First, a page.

Almost three weeks before a ransomware attack against a little known IT software company called Kaseya wrapped in a full blown epidemic with hackers Confiscation of the computers of up to 1,500 companies, including a large Swedish grocery chain. Last week, the infamous group behind the hack disappeared from the internet, leaving victims unable to pay and share their systems. But now the situation seems almost definitively resolved thanks to the surprise appearance of a universal decryption tool on Thursday.

The July 2nd hack was as bad as it gets. Kaseya offers IT management software that is popular with managed service providers (MSPs). These are companies that offer IT infrastructure for companies that would rather not take care of it themselves. By exploiting a bug in MSP-oriented software called Virtual System Administrator, the ransomware group REvil was able to infect not only these targets but its customers as well, causing a wave of havoc.

In the weeks in between, victims practically had two options: pay the ransom to restore their systems, or rebuild the data lost through backups. For many individual companies, REvil set the ransom at around $ 45,000. It tried to shake off MSPs for up to $ 5 million. Also, the price of a universal decryptor was originally set at $ 70 million. The group would later drop to $ 50 million before disappearing, likely to stay low in a moment of high tension. When they disappeared, they took their payment gateway with them. The victims were stranded and unable to pay even if they wanted to.

Kaseya spokeswoman Dana Liedholm confirmed to WIRED that the company had received a universal decryptor from a “trusted third party”, but she did not specify who provided it. “We have a team that is actively working with our affected customers and we will share more about how we will continue to make the tool available once these details become available,” Liedholm said in an email statement, adding that contact with the victims has already begun. with the help of the antivirus company Emsisoft.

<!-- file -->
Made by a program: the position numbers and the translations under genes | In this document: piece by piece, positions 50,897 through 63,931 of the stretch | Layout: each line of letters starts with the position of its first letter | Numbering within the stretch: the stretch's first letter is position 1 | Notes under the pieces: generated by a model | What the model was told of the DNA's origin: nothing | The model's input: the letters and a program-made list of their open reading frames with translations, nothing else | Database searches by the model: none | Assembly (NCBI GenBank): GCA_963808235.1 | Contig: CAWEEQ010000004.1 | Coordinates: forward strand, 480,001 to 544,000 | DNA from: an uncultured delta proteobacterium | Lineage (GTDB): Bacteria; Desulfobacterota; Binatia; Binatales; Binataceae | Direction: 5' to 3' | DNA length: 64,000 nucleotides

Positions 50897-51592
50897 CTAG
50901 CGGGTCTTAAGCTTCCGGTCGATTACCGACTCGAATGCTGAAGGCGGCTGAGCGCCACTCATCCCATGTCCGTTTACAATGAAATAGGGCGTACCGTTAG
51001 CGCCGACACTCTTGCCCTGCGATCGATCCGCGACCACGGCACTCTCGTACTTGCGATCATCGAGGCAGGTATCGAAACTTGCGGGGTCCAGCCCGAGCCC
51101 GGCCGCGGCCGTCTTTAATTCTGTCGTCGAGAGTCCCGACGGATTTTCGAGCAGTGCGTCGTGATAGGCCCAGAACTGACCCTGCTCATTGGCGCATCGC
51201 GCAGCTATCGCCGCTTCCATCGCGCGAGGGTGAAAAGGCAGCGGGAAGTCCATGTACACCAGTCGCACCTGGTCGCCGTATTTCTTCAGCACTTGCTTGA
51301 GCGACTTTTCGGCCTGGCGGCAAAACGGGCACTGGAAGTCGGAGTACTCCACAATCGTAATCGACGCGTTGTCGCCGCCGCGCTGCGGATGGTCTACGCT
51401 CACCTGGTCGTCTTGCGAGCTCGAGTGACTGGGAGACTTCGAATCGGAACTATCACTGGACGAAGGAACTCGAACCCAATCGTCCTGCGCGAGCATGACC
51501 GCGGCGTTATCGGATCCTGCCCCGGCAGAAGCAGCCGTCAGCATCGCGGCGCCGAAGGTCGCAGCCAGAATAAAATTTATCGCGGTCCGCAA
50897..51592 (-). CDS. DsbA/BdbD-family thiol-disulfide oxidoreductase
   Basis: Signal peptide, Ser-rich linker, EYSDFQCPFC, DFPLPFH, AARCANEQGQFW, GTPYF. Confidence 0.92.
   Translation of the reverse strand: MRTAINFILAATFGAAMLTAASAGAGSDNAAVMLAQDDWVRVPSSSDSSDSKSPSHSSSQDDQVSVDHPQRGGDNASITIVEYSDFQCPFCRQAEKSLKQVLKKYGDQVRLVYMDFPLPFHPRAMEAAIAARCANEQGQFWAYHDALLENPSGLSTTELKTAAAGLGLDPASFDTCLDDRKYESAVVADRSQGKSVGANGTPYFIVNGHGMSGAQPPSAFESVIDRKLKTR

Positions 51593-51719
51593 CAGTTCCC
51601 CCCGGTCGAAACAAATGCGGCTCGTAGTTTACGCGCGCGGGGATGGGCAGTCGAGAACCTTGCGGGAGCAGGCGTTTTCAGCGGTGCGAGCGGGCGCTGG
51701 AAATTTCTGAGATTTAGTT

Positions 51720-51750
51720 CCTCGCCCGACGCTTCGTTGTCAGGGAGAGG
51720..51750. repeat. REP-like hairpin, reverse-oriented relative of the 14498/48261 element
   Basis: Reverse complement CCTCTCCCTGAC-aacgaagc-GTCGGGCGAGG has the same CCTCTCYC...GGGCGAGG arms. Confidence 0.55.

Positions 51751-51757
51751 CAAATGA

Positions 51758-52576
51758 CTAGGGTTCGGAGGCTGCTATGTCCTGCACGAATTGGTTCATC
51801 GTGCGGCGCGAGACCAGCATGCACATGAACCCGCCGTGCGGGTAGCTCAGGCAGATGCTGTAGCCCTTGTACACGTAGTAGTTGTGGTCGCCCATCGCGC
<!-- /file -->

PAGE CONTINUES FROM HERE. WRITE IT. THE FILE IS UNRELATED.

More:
“We are partnering with Kaseya to support their customer loyalty efforts,” said Brett Callow, Emsisoft threat analyst. “We have confirmed that the key is effective in unlocking victims and will continue to support Kaseya and its customers.”

Security firm Mandiant has worked with Kaseya on a more comprehensive fix, but a Mandiant spokesperson referred WIRED back to Liedholm when asked for additional clarification on who provided the decryption key and how many victims still need it.

The ability to unblock any encrypted device is undeniably good news. But the number of victims who can still help at this point may only be a relatively small part of the initial wave. “The decryption key will likely be helpful to some customers, but it’s probably too little too late,” said Jake Williams, CTO of the security firm BreachQuest, which has several customers who were affected by the REvil campaign. That’s because anyone who could restore their data through backups, payment, or other means has likely already done so. “The cases where it probably helps the most are when there is some unique data on an encrypted system that simply cannot be reconstructed in any meaningful way,” says Williams. “In these cases, we recommended these organizations to pay for the decryption keys immediately if the data was critical.”

Many of the REvil victims were small and medium-sized businesses; As MSP customers, they are, by definition, the types who prefer to outsource their IT needs – which in turn means they may be less likely to have reliable backups. Still, there are other ways to recover data, even if that means asking customers and vendors to send everything they have and start over. “It’s unlikely anyone was hoping for a key,” says Williams.

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